Written by Nicolas Stroman   
Wednesday, 14 August 2013 00:00

Mickey Lower of Bloomington spent the last few years of her 32-year career in teaching quite literally clowning around.

Lower was teaching in Clinton at the time and said the principal of her school came to the staff and asked what they wanted to see in extra electives.

Lower came up with what she called “Star Search.”

“Today you would call it ‘America’s Got Talent.’ It was a creative arts theater class so I thought I would shadow people like cake decorator or donut makers and bring that knowledge back to my students,” Lower said.

Then, Lower shadowed a clown, and the rest is history.

“I was already teaching magic tricks in my class and this clown was based out of Springfield. She did face paint, balloons, and magic and had a pretty strong business. I thought it looked like so much fun,” Lower said.

Lower ordered paints and on a whim decided to attend a face painting convention in Orlando with her daughter.

“That opened up all sorts of doors for me. I saw clowns doing some theatrical work like me. I came back and started to think about how to market myself,” Lower said.

Lower said she loves to go to renaissance fairs with her daughter and would often dress up as a queen, but was suffering from the heat in the summertime wearing long dresses.

“Then one day I walked into my daughter’s room as she was on her way to college. She had left animal prints throws and curtains out and about. Something clicked and soon I was thinking about more props and tablecloths for materials,” Lower said.

Lower was inspired and “Zoo Lady” was born.

“Kids tend to remember ‘Zoo Lady.’ My team that helps me is known as the ‘Zoo Crew.’ My logo has all kinds of different animal prints. I haven’t had a marketing class in my entire life, but this all just worked,” Lower said.

Lower said there was a four-year period where she was both teaching and being the ‘Zoo Lady.’

“That first year I made no money. I was look through the events in the newspaper and ask if they needed me to volunteer as a face painter. By that second year my name was out there and I partnered with the Children’s Discovery Museum and then my year three, people were calling me,” Lower said.

Lower is in her 11th year as ‘Zoo Lady’ now and said she still goes to the conventions to hone her craft.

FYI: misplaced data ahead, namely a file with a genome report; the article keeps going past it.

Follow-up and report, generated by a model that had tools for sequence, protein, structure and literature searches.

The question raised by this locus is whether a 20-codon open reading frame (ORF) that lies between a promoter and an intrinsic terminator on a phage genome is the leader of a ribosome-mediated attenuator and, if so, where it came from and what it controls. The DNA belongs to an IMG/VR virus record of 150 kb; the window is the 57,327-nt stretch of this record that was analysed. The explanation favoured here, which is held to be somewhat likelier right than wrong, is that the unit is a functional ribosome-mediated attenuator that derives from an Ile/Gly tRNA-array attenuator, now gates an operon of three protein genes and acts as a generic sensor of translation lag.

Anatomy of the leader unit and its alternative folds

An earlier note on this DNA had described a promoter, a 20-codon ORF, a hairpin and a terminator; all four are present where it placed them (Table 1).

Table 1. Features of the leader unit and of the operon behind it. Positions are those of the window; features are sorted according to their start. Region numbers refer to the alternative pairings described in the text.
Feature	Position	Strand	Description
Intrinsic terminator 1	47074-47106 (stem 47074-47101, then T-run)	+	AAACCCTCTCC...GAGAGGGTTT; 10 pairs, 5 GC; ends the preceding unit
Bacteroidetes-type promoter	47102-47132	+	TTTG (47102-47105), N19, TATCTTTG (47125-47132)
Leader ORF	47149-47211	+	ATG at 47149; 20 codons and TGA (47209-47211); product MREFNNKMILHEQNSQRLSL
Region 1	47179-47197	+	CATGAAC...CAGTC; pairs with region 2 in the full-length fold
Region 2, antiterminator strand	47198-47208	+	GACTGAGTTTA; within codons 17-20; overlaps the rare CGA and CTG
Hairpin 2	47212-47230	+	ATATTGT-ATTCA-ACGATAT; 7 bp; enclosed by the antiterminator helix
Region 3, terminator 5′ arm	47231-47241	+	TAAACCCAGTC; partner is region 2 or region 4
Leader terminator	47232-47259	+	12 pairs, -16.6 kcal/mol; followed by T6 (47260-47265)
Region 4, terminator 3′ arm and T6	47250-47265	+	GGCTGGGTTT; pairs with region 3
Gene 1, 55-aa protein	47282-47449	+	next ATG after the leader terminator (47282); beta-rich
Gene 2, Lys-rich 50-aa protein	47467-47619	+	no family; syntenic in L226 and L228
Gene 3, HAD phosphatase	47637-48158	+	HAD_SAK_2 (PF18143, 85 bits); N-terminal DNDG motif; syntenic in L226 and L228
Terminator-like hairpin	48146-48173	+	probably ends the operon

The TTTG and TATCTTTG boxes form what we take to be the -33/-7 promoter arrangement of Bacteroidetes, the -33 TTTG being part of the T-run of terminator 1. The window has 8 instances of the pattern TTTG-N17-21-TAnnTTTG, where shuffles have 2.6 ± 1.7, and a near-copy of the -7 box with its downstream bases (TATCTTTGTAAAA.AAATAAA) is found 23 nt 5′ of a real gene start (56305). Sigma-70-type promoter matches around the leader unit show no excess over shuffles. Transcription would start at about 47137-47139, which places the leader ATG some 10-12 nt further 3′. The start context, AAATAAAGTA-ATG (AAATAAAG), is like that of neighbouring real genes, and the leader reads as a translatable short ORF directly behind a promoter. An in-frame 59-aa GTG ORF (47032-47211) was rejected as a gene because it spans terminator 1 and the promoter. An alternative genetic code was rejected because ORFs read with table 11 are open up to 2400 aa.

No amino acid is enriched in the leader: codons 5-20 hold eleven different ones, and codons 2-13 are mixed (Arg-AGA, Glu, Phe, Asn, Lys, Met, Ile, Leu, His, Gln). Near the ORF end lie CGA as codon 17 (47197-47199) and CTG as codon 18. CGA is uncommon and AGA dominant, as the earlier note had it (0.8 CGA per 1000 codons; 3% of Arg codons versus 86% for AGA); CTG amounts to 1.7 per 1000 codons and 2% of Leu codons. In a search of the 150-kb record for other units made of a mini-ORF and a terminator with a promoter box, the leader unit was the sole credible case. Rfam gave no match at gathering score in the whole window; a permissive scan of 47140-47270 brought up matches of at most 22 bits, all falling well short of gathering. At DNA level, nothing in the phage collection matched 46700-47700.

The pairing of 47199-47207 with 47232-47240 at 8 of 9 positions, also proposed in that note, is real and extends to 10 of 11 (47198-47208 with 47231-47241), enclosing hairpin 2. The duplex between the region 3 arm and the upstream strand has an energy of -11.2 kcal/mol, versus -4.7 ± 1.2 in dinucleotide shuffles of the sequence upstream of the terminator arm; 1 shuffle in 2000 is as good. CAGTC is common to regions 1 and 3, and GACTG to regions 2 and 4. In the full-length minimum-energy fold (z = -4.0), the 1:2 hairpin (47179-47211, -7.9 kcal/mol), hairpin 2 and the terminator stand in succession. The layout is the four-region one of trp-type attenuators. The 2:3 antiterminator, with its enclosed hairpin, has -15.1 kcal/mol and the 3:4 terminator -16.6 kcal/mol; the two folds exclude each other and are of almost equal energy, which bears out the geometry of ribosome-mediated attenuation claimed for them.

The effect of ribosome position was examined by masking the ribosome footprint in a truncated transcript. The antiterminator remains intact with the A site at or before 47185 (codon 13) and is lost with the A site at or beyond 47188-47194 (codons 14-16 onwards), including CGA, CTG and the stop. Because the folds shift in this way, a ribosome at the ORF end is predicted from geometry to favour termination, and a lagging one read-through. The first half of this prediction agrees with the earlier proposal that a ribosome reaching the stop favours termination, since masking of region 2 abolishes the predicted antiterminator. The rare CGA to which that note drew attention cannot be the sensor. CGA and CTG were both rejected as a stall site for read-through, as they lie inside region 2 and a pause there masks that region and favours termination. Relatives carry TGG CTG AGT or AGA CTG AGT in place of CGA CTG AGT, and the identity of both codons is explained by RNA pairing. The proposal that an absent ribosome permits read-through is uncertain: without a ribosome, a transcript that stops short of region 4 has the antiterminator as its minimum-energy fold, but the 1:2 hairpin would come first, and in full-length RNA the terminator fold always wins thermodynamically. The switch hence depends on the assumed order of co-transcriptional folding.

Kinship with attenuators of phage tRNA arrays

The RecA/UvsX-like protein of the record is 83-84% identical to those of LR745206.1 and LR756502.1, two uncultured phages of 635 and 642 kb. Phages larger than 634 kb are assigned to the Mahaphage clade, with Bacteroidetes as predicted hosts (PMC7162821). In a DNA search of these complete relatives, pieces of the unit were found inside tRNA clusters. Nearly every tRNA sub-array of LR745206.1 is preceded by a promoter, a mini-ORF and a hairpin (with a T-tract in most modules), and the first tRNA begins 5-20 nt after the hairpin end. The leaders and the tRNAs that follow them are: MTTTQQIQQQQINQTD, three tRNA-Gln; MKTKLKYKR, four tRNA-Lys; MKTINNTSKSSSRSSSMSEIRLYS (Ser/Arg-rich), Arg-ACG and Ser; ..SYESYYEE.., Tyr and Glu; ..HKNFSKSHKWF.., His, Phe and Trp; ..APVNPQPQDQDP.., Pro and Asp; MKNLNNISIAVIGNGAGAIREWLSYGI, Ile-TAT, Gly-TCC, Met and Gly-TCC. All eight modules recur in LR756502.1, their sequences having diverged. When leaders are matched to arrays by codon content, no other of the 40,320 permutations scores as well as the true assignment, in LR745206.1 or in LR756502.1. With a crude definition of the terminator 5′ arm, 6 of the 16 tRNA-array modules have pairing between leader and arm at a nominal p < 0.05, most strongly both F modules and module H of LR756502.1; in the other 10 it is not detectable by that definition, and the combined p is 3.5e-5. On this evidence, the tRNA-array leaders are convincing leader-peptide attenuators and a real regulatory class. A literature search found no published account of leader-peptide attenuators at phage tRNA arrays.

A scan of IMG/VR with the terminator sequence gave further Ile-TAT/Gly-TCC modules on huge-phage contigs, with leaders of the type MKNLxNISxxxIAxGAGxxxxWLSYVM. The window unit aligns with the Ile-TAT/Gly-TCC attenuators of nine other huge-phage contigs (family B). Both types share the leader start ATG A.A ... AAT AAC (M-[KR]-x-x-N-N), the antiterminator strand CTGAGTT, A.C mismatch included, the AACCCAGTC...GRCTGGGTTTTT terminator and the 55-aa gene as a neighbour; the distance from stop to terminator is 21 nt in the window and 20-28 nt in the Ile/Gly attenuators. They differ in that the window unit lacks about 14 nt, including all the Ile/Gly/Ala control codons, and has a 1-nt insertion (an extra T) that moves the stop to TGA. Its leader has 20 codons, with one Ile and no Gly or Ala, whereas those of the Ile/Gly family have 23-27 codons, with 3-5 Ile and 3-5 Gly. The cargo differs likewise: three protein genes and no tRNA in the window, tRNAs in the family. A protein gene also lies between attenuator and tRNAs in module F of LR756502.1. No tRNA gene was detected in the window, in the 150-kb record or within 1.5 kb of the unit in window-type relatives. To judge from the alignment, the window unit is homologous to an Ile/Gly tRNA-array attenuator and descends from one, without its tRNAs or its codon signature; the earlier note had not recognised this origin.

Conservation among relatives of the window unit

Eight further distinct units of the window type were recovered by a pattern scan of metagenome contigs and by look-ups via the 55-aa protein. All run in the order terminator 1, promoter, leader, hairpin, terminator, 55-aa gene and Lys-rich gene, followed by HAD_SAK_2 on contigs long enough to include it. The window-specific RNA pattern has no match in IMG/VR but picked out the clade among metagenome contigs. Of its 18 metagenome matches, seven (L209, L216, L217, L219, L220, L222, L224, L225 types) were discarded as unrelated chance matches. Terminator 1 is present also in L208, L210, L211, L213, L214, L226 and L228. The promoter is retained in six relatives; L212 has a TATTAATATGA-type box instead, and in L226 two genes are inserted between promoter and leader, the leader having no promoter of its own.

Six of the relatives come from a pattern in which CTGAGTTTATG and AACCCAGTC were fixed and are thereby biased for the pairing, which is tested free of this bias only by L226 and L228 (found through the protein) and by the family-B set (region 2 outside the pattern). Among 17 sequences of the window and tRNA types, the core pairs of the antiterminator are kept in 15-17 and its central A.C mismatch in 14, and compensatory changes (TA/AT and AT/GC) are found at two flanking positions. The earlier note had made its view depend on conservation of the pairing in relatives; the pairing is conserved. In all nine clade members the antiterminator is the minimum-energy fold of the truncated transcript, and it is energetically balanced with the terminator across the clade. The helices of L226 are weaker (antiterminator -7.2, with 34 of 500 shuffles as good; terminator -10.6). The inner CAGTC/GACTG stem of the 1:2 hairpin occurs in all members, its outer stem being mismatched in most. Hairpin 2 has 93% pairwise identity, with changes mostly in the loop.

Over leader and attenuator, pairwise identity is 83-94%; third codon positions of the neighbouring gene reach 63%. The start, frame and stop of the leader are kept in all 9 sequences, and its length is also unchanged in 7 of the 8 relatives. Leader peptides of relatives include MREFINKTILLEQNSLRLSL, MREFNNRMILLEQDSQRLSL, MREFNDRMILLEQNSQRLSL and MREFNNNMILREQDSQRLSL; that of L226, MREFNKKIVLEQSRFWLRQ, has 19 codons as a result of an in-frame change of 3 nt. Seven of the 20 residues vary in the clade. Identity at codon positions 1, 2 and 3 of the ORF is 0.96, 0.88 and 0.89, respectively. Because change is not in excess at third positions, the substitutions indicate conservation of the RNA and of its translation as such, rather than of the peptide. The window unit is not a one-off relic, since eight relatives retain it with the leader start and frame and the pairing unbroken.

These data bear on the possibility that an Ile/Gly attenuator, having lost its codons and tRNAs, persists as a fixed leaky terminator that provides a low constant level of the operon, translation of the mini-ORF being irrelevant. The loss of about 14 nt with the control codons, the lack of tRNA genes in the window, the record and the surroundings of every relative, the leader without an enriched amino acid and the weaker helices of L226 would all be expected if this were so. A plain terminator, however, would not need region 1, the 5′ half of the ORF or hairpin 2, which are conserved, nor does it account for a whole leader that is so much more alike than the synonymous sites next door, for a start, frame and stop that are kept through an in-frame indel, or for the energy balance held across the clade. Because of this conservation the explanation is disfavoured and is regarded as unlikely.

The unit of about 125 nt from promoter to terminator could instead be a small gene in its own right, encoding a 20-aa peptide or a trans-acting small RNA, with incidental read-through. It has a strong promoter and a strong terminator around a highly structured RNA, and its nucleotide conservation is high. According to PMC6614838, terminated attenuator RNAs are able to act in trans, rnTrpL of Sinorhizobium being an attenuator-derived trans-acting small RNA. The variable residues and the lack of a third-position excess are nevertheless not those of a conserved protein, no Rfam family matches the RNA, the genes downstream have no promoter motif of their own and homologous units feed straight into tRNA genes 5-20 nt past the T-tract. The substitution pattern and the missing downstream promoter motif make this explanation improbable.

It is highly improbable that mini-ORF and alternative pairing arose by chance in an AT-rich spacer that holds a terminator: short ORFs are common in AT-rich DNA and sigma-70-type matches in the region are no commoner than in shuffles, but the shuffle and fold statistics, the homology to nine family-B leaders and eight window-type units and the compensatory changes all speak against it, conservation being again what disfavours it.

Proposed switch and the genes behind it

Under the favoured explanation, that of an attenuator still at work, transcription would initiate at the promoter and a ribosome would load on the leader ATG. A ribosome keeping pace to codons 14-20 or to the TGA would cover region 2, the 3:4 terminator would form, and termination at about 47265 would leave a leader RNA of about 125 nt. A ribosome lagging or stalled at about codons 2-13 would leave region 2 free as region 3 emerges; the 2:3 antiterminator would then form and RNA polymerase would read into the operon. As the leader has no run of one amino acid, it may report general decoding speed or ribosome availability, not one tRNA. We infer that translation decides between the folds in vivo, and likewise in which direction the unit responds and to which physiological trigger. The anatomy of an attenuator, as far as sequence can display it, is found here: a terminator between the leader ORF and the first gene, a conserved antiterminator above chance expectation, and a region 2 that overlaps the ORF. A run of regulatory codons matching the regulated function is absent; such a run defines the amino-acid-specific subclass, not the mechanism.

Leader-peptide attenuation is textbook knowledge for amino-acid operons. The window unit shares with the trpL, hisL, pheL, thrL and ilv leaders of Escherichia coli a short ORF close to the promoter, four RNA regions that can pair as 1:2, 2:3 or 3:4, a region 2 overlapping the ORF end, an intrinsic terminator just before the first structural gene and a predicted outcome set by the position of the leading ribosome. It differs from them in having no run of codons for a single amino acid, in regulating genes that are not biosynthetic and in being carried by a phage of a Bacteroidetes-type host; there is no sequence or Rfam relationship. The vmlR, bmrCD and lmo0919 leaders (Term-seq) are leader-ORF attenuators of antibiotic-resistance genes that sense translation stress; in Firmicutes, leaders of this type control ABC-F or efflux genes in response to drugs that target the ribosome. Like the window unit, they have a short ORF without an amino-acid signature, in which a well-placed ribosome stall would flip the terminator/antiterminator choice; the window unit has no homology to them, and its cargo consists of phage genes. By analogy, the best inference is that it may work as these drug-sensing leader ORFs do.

“I meet fellow face painters who are jealous of the fact that I can drive to my jobs and come home. It’s all central Illinois. A third of my work is in Peoria and it’s only 35 minutes from my home. I go to library and daycare events during the daytime,” Lower said.

Lower also works at charity benefits and has a unique way to raise money.

“I will find a gentleman and paint a Hawaiian shirt on him. On the back I make a bulletin board that people can sign for donations and they will come back with $500. I come in at the end of those benefits where everyone is exhausted and I feel like I am the spark of energy,” Lower said.

“Oh and by the way, the guy doesn’t have to be buff or a supermodel. He can have a little pooch. The personality of the guy will get the money,” she added with a laugh.

Lower is also scheduled to visit the U.S. Cellular Coliseum’s Cultural Festival, Dunlap Days, Morton Pumpkin Festival, and some local free school supply giveaways in the coming months.

Rader’s Family Pumpkin Farm in Normal is also hosting ‘Zoo Lady’ every weekend during their fall season.

“Also being known as the ‘Zoo Lady,’ I feel I am obligated to go the zoos. We go about four times per year. I just was at Peoria Zoo too and it was really nice,” Lower said.

Lower said she really loves the university students too because they are game for anything.

“We go to Bradley, ISU, IWU and U of I. They will always just say ‘do anything.’ They are so bold and game to be painted as whatever,” Lower said.

Lower said she teaches her ‘Zoo Crew’ – including herself, a crew of 11 - the same style and skills she has learned so if someone calls and wants Lower they can get the same experience.

“I can’t be everywhere. I want them to have my same techniques and faces, but they can also come up with their own surprises and characters,” Lower said.

“11 a.m. to 4 p.m. on Saturday is that golden hour where everyone seems to want us,” she added.

That golden month is obviously October with Halloween taking up the crew’s time.

“That is a face painter’s dream month. Fall festivals, haunted trails, calls to be painted for parties or as zombies. It’s really fun to paint a face to match a costume and they don’t have to wear a mask,” Lower said.

Last year, Lower’s team had the opportunity to paint a cast of the production of “Cats,” 12 adults and 26 kids.

“We painted for nine productions and had to call in more volunteers. That was fun. We did a church for Noah’s Ark too,” Lower said.

Lower said she also has started an anti-bullying program called “Scully the Bully” to coincide with October as anti-bullying month.

Lower said it’s hard to believe that when she started the “Zoo Lady” persona, she had not picked up a paintbrush in 25 years.

Lower now has the ability to speed paint more than 35 mask faces in an hour.

“I guess I just always knew when I retired that I wanted to do something around kids. I don’t handle leisure well,” Lower said.

For more information on the Zoo Lady and her Zoo Crew, visit facepaintingzoolady.com or call 532-1642.

Last Updated on Tuesday, 13 August 2013 10:59
 
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